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Author Topic: When in doubt, explain it
snopes
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quote:
Now, do we honestly think we have to explain to any but the most mentally challenged readers what (or who) is meant by Rumsfeldian? Maybe three or four years down the road, but not this soon after the president made headlines by canning his defense secretary after praising him to the skies.

This reminds Dr. Wordsmith of a possibly apocryphal story told years ago about the Los Angeles Times, in which a reporter quoted a public official as saying the City Council "couldn't put Humpty Dumpty back together again." A supercautious copy editor supposedly inserted a line in the story that explained, "a reference to a children's nursery rhyme concerning a broken egg."


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NeeCD
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quote:
But in the written form of the language, the past tense of sneak is sneaked. Let's try to keep it that way.
Is this true or is Dr. Wordsmith being too picky here? I know there are several snopesters who are knowledgeable about this type of thing, so what's up?

According to Answers.com (among other online dictionaries) "sneak (snēk) pronunciation

v., sneaked also snuck (snŭk), sneak·ing, sneaks."

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I wondered why the Frisbee was getting bigger, then it hit me.
What does "Bookachow", "YOMANK!" and other lingo mean?

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snopes
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There's no real linguistic reason for the past tense of "sneak" to be the irregular form "snuck." The correct form is/was "sneaked," but the colloquialism "snuck" has taken hold and caught on to the extent that it's probably more widely used than "sneaked" (at least in informal usage) and is typically included in dictionaries as a standard variant.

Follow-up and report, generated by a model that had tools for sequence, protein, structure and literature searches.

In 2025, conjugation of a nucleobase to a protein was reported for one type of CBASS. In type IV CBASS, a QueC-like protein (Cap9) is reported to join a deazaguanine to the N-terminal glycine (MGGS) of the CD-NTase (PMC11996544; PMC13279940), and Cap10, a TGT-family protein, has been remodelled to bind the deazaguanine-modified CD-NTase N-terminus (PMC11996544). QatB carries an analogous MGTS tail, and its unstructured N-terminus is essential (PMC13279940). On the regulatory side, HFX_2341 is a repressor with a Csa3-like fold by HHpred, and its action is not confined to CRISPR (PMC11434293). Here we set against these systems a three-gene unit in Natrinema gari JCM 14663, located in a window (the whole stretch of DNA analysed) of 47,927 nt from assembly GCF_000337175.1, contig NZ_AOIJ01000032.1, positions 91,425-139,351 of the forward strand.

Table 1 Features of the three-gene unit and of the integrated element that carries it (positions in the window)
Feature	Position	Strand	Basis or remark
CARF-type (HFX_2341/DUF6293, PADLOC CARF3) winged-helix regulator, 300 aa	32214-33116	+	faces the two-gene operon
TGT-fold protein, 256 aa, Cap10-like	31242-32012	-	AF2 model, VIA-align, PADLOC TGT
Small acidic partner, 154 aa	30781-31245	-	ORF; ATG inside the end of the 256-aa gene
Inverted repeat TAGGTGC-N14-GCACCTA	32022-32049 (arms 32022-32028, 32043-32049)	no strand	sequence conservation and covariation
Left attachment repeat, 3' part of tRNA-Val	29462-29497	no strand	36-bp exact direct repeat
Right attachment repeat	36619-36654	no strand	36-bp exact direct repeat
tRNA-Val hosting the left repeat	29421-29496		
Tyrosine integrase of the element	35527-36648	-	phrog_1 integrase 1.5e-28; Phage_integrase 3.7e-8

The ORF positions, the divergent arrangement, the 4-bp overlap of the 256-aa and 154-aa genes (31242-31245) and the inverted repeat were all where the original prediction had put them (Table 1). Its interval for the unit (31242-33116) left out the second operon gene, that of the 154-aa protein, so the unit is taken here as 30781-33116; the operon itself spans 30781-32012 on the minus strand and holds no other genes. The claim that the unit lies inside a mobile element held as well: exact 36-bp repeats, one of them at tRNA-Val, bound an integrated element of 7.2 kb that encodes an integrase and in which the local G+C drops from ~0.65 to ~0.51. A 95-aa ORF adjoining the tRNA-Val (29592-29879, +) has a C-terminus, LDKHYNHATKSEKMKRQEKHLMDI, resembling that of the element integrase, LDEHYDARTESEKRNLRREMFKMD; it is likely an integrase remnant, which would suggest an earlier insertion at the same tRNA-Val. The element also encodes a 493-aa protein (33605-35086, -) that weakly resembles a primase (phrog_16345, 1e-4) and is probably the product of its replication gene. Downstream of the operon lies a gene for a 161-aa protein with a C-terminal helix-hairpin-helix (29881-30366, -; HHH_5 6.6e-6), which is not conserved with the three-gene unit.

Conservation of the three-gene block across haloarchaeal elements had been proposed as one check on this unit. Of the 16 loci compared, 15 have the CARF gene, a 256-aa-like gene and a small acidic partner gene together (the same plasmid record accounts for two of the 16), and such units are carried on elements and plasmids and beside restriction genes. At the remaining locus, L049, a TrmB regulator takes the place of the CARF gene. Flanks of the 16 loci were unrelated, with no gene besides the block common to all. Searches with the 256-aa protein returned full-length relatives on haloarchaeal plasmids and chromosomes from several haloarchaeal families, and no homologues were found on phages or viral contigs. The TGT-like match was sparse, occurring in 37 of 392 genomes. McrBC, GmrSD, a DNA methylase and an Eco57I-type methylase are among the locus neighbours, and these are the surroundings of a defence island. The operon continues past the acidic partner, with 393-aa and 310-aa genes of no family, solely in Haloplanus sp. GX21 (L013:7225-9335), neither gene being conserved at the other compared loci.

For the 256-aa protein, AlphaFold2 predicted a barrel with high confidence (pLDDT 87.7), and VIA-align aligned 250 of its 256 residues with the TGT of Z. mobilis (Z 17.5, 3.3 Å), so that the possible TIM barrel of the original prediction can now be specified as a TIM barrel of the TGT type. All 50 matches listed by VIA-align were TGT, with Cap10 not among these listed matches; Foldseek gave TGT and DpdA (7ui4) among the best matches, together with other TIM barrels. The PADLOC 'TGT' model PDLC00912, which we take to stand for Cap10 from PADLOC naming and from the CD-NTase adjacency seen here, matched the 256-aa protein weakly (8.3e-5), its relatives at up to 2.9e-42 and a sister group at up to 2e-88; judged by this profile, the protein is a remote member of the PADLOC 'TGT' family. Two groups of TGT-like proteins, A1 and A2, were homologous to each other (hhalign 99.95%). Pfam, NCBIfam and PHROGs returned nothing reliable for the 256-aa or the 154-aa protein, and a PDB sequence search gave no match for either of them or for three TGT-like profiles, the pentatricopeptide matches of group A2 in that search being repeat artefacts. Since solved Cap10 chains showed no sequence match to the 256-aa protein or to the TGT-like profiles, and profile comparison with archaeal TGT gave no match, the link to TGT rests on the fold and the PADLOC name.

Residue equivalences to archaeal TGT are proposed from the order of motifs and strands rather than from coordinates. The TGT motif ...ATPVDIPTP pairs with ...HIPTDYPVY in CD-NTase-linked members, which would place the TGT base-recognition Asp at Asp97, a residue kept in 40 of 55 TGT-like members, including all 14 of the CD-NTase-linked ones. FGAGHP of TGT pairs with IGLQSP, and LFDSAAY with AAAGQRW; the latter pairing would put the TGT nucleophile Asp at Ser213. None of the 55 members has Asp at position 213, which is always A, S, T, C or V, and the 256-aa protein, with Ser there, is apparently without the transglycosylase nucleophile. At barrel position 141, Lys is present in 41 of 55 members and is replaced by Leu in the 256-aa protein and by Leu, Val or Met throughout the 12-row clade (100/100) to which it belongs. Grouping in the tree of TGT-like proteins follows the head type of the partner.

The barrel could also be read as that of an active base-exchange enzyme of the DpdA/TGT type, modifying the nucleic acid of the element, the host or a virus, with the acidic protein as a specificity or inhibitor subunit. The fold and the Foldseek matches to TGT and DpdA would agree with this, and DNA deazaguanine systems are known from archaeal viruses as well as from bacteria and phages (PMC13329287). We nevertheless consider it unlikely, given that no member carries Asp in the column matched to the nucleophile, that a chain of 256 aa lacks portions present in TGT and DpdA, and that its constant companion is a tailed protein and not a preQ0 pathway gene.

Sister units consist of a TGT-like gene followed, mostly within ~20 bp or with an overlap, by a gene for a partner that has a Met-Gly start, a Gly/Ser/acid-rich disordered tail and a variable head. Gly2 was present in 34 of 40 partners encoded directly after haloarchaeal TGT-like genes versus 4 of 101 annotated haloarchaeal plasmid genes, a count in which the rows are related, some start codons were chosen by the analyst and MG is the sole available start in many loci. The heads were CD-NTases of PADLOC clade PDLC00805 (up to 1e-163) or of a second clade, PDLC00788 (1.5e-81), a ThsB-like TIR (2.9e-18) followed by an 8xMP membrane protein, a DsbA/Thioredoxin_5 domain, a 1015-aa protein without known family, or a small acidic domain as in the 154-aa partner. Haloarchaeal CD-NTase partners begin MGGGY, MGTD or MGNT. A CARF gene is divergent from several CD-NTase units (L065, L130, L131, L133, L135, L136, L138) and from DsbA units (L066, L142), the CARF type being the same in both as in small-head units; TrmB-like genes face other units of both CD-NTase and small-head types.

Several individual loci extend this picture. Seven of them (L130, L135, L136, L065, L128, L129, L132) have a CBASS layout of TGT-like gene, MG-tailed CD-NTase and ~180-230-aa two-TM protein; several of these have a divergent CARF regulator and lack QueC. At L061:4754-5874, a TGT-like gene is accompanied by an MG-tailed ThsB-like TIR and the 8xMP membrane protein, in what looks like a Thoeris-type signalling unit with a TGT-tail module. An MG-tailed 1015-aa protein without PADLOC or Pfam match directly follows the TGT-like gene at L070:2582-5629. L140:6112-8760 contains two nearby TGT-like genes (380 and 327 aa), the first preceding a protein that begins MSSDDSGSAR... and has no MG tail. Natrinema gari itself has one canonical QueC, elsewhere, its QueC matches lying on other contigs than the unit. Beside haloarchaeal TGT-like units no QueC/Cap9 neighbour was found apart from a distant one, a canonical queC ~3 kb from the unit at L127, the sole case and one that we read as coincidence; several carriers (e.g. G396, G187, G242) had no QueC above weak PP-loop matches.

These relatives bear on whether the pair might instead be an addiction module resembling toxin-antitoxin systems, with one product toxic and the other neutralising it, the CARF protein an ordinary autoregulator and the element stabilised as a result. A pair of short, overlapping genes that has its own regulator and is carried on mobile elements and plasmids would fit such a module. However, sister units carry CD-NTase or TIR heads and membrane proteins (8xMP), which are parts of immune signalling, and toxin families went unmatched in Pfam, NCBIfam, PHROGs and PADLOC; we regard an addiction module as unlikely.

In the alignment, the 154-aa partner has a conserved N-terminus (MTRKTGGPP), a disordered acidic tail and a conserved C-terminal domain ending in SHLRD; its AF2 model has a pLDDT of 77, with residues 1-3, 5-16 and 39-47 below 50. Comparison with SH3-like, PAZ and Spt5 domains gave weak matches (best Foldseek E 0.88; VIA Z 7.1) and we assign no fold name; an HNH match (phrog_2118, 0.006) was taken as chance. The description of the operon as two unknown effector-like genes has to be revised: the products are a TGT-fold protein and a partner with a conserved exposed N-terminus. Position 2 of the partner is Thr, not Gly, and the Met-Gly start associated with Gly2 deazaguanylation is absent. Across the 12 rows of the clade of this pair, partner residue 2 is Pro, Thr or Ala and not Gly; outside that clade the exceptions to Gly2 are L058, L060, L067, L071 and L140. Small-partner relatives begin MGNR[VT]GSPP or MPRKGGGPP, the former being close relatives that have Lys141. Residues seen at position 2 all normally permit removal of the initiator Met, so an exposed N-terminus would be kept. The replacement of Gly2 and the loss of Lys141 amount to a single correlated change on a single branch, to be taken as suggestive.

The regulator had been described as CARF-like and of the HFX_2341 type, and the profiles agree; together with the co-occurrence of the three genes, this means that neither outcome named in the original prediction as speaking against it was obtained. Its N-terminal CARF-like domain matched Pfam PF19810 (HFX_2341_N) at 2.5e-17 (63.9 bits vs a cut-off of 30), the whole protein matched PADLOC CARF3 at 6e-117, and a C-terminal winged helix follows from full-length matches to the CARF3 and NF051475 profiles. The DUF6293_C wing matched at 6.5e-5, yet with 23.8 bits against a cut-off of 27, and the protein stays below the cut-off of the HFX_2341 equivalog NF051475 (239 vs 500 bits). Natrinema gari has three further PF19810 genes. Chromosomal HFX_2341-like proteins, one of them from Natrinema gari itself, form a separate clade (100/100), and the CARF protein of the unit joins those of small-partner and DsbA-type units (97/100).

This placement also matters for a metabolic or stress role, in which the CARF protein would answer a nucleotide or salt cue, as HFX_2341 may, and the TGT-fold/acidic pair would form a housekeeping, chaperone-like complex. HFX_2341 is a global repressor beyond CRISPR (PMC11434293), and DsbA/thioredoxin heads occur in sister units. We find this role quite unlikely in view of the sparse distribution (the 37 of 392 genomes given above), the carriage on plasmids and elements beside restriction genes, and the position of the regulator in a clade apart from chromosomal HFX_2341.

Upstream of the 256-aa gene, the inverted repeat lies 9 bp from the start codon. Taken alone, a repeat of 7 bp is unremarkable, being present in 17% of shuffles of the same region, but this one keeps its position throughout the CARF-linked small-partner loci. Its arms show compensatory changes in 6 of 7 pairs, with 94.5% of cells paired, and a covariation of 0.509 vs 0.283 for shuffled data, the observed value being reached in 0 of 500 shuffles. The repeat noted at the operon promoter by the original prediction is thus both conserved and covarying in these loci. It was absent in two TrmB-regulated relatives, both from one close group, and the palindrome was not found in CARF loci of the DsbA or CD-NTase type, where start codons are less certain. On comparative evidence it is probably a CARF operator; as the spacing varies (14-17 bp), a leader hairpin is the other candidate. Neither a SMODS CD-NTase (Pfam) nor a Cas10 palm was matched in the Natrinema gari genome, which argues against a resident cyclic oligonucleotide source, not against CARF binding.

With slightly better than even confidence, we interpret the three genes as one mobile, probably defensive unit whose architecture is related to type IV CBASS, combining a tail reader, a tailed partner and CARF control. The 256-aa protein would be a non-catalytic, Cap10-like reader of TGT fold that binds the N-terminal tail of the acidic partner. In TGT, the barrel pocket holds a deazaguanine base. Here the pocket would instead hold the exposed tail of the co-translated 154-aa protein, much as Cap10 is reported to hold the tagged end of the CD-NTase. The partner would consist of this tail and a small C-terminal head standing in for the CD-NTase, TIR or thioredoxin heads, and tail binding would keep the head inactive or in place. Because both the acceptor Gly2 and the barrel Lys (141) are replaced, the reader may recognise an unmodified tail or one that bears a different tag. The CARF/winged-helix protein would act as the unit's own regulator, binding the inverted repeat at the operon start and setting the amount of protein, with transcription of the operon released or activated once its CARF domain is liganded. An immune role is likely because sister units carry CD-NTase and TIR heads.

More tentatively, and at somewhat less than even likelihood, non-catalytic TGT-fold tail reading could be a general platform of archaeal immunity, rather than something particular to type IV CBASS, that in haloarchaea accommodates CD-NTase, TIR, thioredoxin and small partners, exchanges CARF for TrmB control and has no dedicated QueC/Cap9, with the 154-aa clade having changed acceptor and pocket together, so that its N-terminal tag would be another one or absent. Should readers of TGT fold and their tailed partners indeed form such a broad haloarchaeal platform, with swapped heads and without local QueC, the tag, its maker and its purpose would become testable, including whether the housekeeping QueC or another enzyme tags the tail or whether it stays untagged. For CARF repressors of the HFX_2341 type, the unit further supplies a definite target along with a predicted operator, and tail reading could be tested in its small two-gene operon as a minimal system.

Whether Dr. Wordsmith is being too picky depends upon whether you're a prescriptivist or a descriptivist, I suppose.

- snopes

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DadOf3
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I guess I'm one of the most mentally challenged of readers. I wouldn't have had the slightest idea what or who Rumsfeldian was had Dr. Wordsmith not explained it in the next sentence.
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Steve
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I'm curious what kind of prescriptivist Dr. Wordsmith is. Do prescriptivists now count "effort" as a verb?
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Logoboros
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I believe the "verbing" of effort was being performed self-consciously in that sentence.

--Logoboros

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"If Men were Wise, the Most arbitrary Princes could not hurt them. If they are not wise, the Freest Government is compelld to be a Tyranny."

--William Blake

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Steve
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quote:
Originally posted by Logoboros:
I believe the "verbing" of effort was being performed self-consciously in that sentence.

--Logoboros

You know, I'd considered that, but I figured it would ruin the brilliance of my point. Damn.

Eh, either way I say "snuck" is just fine. And I'll effort it's way into the language!

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evilrabbit
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"Died after being swarmed by bees" is technically correct. First he was swarmed, then he died. No, being swarmed would not automatically kill you, but most people would assume that a large group of bees gathering on a person would likely sting. Of course, the phrase is also handy if his death was unconnected to the bee swarm, but the swarming was somehow interesting in it's own right (like maybe he won a Guiness record, then dropped dead immediately after).
And according to at least a couple sources, you could collide with a stationary object.
quote:
collide with - hit against; come into sudden contact with
quote:
To come together with violent, direct impact
quote:
To come together or come up against with force: bump, crash.
quote:
1. crash into something: to hit a person or object moving toward you or a person or object you are moving toward
The only thing that suggests both parties have to be moving is "come together" and even that (to me) doesn't demand it.

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"My sandwich choice is uncertain, until I actually order. It's like Schrodinger's Sandwich."
"Is plutonium involved in this sandwich in any way?"
"Maybe."

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